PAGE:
OBJECTIVE: To assess the severity of protein energy malnutrition (PEM) in iodine deficient subjects and to assess the impact of PEM on thyroid size. METHODS: 1002 subjects (530 school-aged children and 472 adults) were assessed for PEM by direct anthropometric measurements of height, weight, triceps skinfold (TSF) thickness, mid upper arm circumference (MUAC) and thigh circumference (TC), and derived indices of body surface area (BSA), body mass index (BMI), and Z-scores for weight-for-age (WAZ), height-for-age (HAZ), and weight-for-height (WHZ). Severity of PEM was based on the World Health Organization (WHO) criteria and the threshold on the Waterlow classification. Thyroid size was measured by ultrasonography to determine the thyroid volume (TV). Linear regression analysis was performed between TV and anthropometric parameters. RESULTS: Children had severe PEM as evident from the WHO percentage prevalence of stunting (HAZ<-2SD)=64% (where <-2SD is the Z-score deficit), wasting (WHZ<-2SD)=43%, underweight (WAZ<-2SD)=82% and BMI<16 kg/m=90%. Waterlow classification showed that children were either stunted or wasted, or stunted and wasted, or stunted and obese. Nearly 100% (529/530) of the children had goiter as evidenced from enlarged TV-for-BSA when compared with the WHO reference. There was a weak but statistically significant (P<0.05) positive correlation between TV and BSA, weight, height, MUAC, TC and HAZ but a negative correlation between TV and WHZ, BMI and TSF (r=-0.1-0.2). Adults had PEM as evident from BMI<18.5 kg/m in 54% subjects. Median MUAC=22.7 cm reveals prolonged severe PEM. Eighty-two percent had enlarged TV (>20 ml). There was a significant (P=0.01) negative correlation between TV and MUAC. CONCLUSIONS: (i) The severity of acute (wasting) and chronic (stunting) PEM is very high in Gujarati children. They are stunted or wasted, or stunted and wasted, or stunted and obese. Gujarati adults are thin with low protein and fat reserves. (ii) Anthropometric parameters showed a significant (P<0.001) correlation (r=0.1-0.2) with thyroid size. (iii) Higher prevalence of goiter may be due to macro-nutrient malnutrition (PEM) in the face of micro-nutrient malnutrition (iodine deficiency disorders, IDD).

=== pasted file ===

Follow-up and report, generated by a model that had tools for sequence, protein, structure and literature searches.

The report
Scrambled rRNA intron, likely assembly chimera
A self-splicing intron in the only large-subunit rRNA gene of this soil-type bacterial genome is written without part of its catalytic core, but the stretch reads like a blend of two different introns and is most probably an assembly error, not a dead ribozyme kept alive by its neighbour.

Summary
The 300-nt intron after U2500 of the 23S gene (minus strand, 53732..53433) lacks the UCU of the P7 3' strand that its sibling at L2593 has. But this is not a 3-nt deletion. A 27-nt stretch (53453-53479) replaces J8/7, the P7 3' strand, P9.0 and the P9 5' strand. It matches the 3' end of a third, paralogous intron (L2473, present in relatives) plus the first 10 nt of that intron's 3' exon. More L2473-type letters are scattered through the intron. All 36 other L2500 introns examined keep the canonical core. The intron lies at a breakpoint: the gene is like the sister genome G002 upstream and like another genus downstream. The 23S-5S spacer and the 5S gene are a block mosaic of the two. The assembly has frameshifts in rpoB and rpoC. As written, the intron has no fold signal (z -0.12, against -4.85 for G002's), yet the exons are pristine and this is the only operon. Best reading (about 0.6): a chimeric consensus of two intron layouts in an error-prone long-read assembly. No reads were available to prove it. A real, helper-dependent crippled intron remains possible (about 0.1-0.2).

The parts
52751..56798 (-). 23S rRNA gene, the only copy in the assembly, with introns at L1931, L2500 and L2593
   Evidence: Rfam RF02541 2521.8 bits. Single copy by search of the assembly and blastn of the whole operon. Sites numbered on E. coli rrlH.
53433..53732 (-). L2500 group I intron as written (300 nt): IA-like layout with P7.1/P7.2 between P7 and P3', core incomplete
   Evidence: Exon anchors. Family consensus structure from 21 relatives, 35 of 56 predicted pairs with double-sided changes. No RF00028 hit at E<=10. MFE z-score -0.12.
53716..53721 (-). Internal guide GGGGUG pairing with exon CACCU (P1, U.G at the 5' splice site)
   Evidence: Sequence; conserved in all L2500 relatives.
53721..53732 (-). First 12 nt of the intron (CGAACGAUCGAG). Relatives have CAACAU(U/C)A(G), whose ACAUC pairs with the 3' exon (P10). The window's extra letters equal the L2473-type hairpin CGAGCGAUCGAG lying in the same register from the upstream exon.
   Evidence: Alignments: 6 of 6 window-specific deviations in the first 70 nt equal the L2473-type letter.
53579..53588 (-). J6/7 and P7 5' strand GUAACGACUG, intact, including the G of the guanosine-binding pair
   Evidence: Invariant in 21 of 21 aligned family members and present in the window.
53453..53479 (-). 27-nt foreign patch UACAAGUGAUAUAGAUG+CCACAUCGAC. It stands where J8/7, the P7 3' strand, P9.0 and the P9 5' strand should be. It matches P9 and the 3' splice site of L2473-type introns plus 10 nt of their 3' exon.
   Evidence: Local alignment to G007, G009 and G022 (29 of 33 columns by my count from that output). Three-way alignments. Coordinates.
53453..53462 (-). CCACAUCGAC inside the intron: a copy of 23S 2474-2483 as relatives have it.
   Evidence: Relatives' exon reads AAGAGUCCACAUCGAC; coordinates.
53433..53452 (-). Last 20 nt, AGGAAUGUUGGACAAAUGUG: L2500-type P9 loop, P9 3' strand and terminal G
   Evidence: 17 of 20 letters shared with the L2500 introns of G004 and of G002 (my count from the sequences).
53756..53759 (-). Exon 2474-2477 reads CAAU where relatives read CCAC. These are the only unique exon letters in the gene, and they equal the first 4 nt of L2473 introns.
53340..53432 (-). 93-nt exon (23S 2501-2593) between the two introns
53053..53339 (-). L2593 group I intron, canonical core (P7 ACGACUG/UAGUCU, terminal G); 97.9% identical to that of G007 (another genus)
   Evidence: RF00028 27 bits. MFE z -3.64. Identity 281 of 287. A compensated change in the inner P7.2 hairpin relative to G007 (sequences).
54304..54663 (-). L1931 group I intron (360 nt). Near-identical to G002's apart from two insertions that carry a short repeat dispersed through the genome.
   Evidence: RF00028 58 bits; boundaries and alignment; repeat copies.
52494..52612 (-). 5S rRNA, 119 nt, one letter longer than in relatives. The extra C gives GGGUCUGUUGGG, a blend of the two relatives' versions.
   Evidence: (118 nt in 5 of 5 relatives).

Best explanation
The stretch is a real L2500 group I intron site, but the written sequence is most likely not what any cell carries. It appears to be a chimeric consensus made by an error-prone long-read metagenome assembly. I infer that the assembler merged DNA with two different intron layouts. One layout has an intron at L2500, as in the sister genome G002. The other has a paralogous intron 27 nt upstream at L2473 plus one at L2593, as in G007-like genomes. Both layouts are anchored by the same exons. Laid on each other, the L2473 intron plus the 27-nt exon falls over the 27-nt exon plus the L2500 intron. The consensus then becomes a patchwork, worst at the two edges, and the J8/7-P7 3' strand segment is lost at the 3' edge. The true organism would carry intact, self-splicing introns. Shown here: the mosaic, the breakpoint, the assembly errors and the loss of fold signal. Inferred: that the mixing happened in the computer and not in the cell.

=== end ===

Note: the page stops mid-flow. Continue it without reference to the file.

V Pitsiavas, P Smerdely and SC Boyages